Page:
On the Use of Ceiling-Price Commitments by Monopolists
AbstractThe establishment of an asking, or ceiling, price from which reductions can be bargained is a common selling practice. For a monopolist seller of a single object, this article characterizes the best such ceiling price and shows that its use is optimal among all incentive-compatible mechanisms in a class of situations characterized by customers (1) who arrive one at a time and so do not compete with other directly and (2) who learn their idiosyncratic willingnesses to pay only by incurring idiosyncratic inspection costs.
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Bibliographic InfoPaper provided by Boston University - Industry Studies Programme in its series Papers with number 0045.
Date of creation: Feb 1994
Date of revision:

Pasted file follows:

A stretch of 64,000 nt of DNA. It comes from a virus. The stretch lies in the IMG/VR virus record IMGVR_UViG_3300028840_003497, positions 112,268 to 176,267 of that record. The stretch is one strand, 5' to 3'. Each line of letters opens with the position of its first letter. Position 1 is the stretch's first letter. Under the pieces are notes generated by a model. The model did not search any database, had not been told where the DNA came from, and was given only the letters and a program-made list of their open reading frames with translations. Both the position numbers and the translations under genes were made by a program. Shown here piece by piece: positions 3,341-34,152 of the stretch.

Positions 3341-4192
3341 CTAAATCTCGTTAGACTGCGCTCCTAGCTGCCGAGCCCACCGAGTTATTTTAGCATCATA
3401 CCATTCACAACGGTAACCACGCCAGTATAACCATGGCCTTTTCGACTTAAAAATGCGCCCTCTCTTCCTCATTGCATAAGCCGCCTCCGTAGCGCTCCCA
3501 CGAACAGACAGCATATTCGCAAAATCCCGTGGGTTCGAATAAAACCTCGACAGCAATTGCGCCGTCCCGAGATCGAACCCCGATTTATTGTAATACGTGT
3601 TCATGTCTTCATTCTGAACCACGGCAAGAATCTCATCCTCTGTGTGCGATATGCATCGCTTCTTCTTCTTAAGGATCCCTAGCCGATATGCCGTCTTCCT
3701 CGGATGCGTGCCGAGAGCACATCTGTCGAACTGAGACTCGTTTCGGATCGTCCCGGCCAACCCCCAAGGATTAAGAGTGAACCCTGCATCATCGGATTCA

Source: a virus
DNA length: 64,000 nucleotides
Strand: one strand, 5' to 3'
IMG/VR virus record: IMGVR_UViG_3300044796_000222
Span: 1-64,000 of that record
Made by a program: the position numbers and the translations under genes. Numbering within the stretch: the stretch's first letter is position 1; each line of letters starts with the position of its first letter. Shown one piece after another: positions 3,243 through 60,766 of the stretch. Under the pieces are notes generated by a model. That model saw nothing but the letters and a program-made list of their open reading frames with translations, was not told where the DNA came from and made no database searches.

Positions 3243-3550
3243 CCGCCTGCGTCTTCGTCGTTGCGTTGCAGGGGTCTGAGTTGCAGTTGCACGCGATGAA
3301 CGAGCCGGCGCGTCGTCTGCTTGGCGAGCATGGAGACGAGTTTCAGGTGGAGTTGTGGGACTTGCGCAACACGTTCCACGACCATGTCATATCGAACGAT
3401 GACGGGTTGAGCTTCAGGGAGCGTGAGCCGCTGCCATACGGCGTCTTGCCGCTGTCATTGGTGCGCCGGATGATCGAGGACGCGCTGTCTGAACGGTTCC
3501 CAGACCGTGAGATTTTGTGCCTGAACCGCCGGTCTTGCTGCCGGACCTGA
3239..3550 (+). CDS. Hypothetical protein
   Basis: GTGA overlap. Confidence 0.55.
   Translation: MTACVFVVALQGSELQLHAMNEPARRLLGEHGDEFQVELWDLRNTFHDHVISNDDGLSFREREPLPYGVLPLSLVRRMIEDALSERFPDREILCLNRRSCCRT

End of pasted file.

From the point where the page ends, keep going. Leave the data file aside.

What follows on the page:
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Postal: Boston University, Industry Studies Program; Department of Economics, 270 Bay Road, Boston, Massachusetts 02215.
Web page: http://www.bu.edu/econ/isp/
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Other versions of this item:
- Yongmin Chen & Robert W. Rosenthal, 1996. "On the Use of Ceiling-Price Commitments by Monopolists," RAND Journal of Economics, The RAND Corporation, vol. 27(2), pages 207-220, Summer.
- Chen, Y. & Rosenthal, R.W., 1994. "On the Use of Ceiling-Price Commitment by Monopolists," Papers 45, Boston University - Industry Studies Programme.
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- Inami, Yusuke, 2011. "The buy price in auctions with discrete type distributions," Mathematical Social Sciences, Elsevier, vol. 61(1), pages 1-11, January.
- Wang, Ruqu, 2000. "Bidding and renegotiation in procurement auctions," European Economic Review, Elsevier, vol. 44(8), pages 1577-1597, August.
- Gill, David & Thanassoulis, John, 2009. "The impact of bargaining on markets with price takers: Too many bargainers spoil the broth," European Economic Review, Elsevier, vol. 53(6), pages 658-674, August.
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